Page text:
From a population as low as just 5 nesting pairs, Walthamstow has seen numbers rise consistently. Even in 1998, 160 pairs were recorded on the site. And this is a problem found on fisheries right across the country. After studies showed approximately 23,000 cormorants wintering in the UK, Defra have introduced a management policy that would allow 3,000 birds to be culled throughout the UK in the first year (and 2,000 a year thereafter).  As has been proved on fisheries like Chew, this is a process that, as well as culling individuals, forces much of the remaining population to move on to escape the disturbance. 

    Over the 20 years that the club has
been in regular dialogue with Thames Water, it has explored the grounds for effective control of this fish predator.

    We have often been reminded that, as well as a series of fully operational water supply reservoirs, Walthamstow is a Site of Special Scientific Interest, managed in partnership with stakeholders which include Natural England, the local Wildlife Trusts and birdwatching interests, as well as the fishermen.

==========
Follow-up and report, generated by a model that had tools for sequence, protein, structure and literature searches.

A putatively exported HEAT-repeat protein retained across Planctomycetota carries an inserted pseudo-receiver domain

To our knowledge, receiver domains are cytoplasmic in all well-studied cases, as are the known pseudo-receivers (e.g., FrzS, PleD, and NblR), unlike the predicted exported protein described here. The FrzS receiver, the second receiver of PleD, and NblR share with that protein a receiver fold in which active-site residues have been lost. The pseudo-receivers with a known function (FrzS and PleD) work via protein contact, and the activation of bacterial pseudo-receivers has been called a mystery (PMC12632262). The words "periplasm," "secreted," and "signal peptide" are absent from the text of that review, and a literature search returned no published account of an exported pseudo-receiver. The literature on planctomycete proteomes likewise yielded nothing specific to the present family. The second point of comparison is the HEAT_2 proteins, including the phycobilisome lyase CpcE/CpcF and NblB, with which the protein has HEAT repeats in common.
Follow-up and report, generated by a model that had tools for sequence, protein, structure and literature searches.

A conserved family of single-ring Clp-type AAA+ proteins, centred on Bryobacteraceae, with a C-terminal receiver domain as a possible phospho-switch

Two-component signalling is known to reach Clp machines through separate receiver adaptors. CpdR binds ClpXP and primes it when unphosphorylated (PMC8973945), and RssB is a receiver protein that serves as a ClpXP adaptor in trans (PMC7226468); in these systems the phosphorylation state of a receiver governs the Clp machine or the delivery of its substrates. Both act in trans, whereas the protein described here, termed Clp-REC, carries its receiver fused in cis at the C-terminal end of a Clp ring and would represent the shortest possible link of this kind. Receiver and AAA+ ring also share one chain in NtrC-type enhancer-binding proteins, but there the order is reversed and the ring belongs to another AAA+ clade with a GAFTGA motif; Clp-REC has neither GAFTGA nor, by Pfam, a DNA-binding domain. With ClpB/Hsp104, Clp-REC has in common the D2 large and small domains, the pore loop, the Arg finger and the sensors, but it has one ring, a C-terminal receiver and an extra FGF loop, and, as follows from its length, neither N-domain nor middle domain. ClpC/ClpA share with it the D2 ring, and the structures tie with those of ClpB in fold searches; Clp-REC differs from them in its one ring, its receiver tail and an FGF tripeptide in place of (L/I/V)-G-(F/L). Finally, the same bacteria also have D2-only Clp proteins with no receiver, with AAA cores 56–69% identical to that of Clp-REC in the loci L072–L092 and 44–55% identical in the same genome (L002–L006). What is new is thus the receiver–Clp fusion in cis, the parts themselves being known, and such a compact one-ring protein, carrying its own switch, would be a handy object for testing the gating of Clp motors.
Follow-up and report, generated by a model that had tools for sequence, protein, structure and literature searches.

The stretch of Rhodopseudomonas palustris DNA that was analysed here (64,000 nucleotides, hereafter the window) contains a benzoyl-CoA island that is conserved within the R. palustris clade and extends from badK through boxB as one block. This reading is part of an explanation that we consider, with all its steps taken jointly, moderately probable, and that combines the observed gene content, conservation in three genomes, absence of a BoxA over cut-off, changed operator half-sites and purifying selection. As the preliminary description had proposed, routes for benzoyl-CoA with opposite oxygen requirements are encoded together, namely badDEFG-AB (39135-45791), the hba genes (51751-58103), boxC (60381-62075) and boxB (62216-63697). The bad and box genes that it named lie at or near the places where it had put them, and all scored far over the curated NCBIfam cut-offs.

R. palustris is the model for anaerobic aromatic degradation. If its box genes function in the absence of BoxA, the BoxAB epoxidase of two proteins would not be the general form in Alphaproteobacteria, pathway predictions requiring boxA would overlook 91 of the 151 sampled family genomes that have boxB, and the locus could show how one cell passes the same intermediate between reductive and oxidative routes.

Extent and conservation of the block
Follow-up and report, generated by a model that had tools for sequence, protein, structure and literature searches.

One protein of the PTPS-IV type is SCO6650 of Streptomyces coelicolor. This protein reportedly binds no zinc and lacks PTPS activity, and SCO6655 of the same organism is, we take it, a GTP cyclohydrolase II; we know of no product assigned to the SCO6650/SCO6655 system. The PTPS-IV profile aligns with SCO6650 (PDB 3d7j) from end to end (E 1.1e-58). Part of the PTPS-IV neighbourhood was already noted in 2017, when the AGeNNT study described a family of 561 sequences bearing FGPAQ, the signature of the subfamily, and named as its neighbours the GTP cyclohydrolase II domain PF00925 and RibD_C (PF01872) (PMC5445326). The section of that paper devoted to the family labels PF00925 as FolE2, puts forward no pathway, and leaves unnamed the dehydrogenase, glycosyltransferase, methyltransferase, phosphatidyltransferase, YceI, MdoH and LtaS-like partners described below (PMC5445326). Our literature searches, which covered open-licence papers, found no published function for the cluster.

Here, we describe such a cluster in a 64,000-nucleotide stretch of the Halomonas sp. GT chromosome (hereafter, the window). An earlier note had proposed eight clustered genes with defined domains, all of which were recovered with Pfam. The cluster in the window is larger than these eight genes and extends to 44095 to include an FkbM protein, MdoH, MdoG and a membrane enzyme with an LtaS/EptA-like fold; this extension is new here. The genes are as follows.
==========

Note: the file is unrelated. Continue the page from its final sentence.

Because of this, and the fact that Walthamstow is an urban site, we have been told that,

Part of the roosting colony on No5

unlike other fisheries, the chances of Thames applying to Defra for a license to cull a certain number are remote.

    (That’s not to say that Thames never consider controlling bird species. Discussions have taken place with birdwatching interests over the pricking of Canada Geese eggs to control their numbers, as has taken place further up the Lea Valley. And at Farmoor, measures were taken to disrupt the numbers of roosting gulls which were believed to be an hazard to air traffic.)

    For the last twenty years, a number of non-lethal ways have been tried to move cormorants on, including laser devices, bird-scarers, alarms and regular boat patrols. With none of these proving effective, the decision was made in 1997 to stock with 1kg rainbow trout as a minimum size, instead of the 12-13” length they were used to putting in.